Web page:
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SEOUL — The 60th anniversary of the first ground combat engagement of the Korean War between U.S. and North Korean forces will be commemorated Friday near Osan, officials said.

The 10 a.m. ceremony will take place off Highway 1 about three miles north of Osan city at the monument to Task Force Smith — the outnumbered, outgunned U.S. ground force that delayed advancing North Korean forces for seven hours on July 5, 1950.

“It represents a defining moment in the Korean War, because it heralded the introduction of U.S. ground troops into the conflict,” said Ronney Miller, command historian for Eighth U.S. Army.

South Korean officials, as well as members of the South Korean and U.S. militaries, are expected to attend the ceremony, which the city hosts yearly.

Commanded by Army Lt. Col. Charles B. “Brad” Smith, the task force consisted of about 540 soldiers of the 1st Battalion, 21st Infantry Regiment and Battery A, 52nd Field Artillery, all part of the 24th Infantry Division. They were among the first U.S. ground troops rushed from Japan to Korea soon after North Korean forces invaded South Korea on June 25, 1950.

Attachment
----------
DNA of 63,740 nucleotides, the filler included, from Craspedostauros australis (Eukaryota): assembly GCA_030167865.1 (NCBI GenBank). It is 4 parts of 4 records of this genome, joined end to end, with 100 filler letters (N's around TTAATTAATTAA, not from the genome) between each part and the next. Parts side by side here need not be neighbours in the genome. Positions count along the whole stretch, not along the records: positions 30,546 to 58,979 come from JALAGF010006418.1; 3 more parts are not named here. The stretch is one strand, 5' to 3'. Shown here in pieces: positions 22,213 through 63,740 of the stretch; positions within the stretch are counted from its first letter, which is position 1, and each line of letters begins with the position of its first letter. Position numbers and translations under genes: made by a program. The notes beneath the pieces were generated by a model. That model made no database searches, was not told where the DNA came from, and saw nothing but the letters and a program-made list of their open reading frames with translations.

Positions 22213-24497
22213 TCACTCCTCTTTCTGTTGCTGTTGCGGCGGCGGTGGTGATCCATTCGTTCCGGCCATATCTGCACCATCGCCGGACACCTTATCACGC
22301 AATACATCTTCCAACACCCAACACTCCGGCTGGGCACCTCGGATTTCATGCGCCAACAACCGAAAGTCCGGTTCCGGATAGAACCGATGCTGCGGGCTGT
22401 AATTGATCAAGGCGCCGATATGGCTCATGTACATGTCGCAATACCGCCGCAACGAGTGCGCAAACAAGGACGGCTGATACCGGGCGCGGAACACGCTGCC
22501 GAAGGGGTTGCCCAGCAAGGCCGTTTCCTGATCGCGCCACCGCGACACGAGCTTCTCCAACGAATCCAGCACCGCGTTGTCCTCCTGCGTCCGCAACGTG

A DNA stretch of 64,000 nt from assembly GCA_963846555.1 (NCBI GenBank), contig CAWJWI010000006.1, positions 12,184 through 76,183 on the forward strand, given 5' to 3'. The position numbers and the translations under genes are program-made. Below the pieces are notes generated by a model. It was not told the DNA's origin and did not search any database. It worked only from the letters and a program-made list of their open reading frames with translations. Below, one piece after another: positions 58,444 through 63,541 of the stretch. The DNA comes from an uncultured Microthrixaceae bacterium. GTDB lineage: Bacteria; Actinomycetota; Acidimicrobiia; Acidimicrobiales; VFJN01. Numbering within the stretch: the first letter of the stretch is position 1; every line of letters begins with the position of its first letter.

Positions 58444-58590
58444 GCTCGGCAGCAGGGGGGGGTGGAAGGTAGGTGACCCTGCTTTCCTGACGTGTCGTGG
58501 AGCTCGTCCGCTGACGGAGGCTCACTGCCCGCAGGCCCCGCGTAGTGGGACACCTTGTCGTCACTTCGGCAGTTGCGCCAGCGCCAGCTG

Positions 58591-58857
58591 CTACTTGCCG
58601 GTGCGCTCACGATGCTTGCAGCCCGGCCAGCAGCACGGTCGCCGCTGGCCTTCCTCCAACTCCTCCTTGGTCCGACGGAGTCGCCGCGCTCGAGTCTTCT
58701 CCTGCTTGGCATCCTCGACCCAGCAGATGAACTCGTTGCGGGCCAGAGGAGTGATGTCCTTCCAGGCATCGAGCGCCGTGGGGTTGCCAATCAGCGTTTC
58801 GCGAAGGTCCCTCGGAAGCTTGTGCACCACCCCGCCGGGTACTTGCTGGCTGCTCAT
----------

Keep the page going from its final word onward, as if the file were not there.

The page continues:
Given the mission of delaying the North Korean advance down the peninsula, they became the first Americans to engage the enemy on the ground. Holding the high ground above the North Korean 4th Division advancing toward Osan, the task force turned its guns on the enemy and held them up for about seven hours before having to retreat south.

“They were outnumbered, outgunned and outequipped,” Miller said of the task force. Nevertheless, he said, “They held ‘em up for seven hours.”

From staff reports

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